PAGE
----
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find food for thought in carrying the comparison beyond the limits of the Iberian peninsula and noting the similarities and differences between the various Cortes and the English parliaments of the same period. Their investigations will probably lead them to the conclusion that, speaking broadly, the claim of the people to a share in the government was considerably more fully recognized, theoretically at least, in Spain than in England, at that stage of their development.


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In the first part of this article an attempt was made to show that Walpole's Memoirs of George III., supposedly written between the years 1766 and 1772, give expression to a theory of the reign of George III, which is inconsistent with ideas expressed by the author in letters written between 1760 and 1772. It was discovered, further, that in 1775 Walpole “transcribed " at least a considerable portion of the Memoirs, and that in 1784 he inserted some new material in the fourth volume. And, finally, it was found that the insertions of 1784 expressed opinions in marked contrast with the opinions of the letters written before 1775, but identical with the opinions of the letters written after that date. A more difficult question now presents itself: to what extent were the first three volumes revised in 1784? Having answered this question, an effort will be made to estimate the general importance of the revision as a whole.

It will be remembered that the only precise references to a date subsequent to 1775, except in the foot-notes, occur in the fourth volume. It will also be remembered that the note in which Walpole says “as I transcribe these Memoirs—in June, 1775", is at page 24 of volume three. It might be assumed, therefore, that Walpole continued the "transcribing " until he reached the ministry of Lord North, and then laid the work aside because the American war was changing his opinion of Lord North, and because even the beginning of North's ministry could be treated satisfactorily only after the result of the quarrel with America was known. This assumption would explain why there is no reference to a date subsequent to 1775 in the first three volumes, which is a fact needing explanation if we suppose that the first three volumes, as well as the fourth, were revised in 1784. The difficulty with this hypothesis is that there are many passages in the first volume which, without specifically referring to dates or events subsequent to 1775, have all the other marks leading one to suppose that they were written in 1784 rather than at any earlier date. These passages are scattered throughout the first volume, and they embody opinions about Bute and the “ Junto", the Scots and the Tories, the prerogative, Lord North, and the king, which we do not find Walpole giving expression to elsewhere until after 1775. Let us examine some of these passages.

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The tone of much of the first volume is given at the outset. Two paragraphs are devoted to elaborating the statement that "No British monarch has ascended the throne with so many advantages as George the Third."! And yet, in spite of these advantages, “A passionate, domineering woman, and a Favourite, without talents, soon drew a cloud over this shining prospect. Without anticipating events too hastily, let it suffice to say that the measure of war was pushed, without even a desire that it should be successful; and that, although successful, it was unnaturally checked by a peace, too precipitate, too indigested, and too shameful, to merit the coldest eulogy of moderation.” At the time of the peace, as we have seen from the letters, Walpole was for peace at any price. To be sure, he did not vote for the peace. But neither did he vote against it. His reason for not voting at all was undoubtedly the fact that Fox tried to bribe him to vote with the government. Now, if Walpole wanted peace at any price, as the letters assert, this offer of a bribe put him in an impossible position : he wished to vote for the peace, but he wished also to show Fox that he could not be bribed; to leave the House before the vote was taken was the most natural escape from such a dilemma. On the other hand, if Walpole believed, as he says in the Memoirs, that the peace was "too shameful to merit the coldest eulogy of moderation ", there was every reason for voting against it; the offer of a bribe would be only an additional reason for doing just that thing. These events, it is true, occurred before Walpole began to write the Memoirs; but at no time from 1766 to 1772 does he express, in the letters, any pronounced opposition to the Peace of Paris. He says very little about it, indeed, until towards the close of the American war. Then, the prospect of another treaty with France, likely indeed to prove shameful, turned his attention to the last one, which now seemed shameful too. France“ never wants a Lord Bolingbroke or a Lord Bute to negotiate for our shame”, he writes in 1780.4 ° And again, in 1783, he refers to “The Peace of Paris, more ignominious as the termination of a most triumphant war".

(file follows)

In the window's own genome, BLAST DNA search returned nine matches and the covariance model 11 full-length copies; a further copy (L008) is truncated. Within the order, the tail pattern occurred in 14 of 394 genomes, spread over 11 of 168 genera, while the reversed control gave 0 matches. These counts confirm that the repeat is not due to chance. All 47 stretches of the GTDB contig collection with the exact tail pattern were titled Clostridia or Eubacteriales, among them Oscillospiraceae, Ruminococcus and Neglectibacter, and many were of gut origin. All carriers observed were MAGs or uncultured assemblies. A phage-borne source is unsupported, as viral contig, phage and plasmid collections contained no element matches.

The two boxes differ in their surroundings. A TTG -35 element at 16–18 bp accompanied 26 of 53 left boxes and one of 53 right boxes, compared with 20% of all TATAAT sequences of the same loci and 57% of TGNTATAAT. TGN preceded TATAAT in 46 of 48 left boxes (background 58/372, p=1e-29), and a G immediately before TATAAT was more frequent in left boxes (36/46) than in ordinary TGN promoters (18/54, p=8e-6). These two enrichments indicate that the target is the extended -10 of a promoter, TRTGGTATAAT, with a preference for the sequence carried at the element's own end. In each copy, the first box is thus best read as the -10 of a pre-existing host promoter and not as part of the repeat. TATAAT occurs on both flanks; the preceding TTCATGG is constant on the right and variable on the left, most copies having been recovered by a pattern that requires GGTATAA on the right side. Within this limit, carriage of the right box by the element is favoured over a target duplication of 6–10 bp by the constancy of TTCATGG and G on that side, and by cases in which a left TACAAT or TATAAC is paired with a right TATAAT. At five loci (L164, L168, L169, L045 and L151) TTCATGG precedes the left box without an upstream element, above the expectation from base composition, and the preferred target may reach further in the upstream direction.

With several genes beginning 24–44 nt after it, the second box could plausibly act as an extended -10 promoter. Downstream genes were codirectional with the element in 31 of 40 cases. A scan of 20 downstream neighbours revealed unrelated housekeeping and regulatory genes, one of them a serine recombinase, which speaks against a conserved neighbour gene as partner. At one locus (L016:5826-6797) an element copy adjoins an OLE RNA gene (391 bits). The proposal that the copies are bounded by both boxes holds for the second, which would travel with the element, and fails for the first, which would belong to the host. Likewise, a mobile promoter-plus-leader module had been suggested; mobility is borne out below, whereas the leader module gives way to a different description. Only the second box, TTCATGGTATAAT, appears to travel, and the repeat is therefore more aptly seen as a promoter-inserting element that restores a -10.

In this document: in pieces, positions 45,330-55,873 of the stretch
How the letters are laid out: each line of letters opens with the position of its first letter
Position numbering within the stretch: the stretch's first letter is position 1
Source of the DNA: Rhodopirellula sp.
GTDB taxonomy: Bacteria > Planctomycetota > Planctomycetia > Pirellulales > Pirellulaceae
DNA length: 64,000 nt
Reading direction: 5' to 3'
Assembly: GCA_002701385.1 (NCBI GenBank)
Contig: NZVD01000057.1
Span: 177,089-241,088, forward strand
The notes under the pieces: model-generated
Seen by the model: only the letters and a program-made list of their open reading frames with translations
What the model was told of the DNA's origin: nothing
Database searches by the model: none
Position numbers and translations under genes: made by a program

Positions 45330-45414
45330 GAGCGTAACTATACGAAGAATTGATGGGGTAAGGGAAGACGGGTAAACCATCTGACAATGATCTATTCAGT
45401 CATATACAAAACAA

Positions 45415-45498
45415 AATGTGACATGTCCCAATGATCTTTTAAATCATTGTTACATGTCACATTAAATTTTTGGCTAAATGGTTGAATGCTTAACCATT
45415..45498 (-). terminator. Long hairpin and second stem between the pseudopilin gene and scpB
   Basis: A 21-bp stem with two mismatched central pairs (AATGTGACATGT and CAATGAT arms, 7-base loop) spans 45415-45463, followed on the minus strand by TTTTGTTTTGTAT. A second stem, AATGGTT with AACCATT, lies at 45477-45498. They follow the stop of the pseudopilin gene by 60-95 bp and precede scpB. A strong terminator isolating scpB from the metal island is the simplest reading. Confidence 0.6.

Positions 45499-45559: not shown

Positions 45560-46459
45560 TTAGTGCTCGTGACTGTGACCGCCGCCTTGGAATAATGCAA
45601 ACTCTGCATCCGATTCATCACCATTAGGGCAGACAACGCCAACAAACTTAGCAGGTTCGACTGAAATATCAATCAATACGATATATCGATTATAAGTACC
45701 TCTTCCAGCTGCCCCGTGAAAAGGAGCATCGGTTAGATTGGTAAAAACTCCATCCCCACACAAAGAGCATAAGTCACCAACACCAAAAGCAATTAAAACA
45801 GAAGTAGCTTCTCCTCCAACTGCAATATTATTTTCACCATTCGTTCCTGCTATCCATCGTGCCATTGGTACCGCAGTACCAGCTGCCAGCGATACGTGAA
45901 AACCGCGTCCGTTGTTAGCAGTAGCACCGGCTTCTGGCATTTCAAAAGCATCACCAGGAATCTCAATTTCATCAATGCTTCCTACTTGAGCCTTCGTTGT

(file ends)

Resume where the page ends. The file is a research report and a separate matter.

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1 Memoirs, I. 3, 4. ? Ibid., pp. 4, 5.

3 Walpole explains his refusal to vote for or against the peace, in the Memoirs, thus : “ Yet was I not so steeled by the glories of the war as to be insensible to the yearnings of humanity; and therefore, ignominious as the articles were, my conscience would not suffer me to speak against a treaty that would stop such effusion of blood.” Memoirs, l. 167. The sentiments expressed in the letters (see first installment, January number, p. 262, n. 41) and Walpole's own account of Fox's attempt to bribe him (Memoirs, I. 168) make it impossible to accept this explanation as the true one.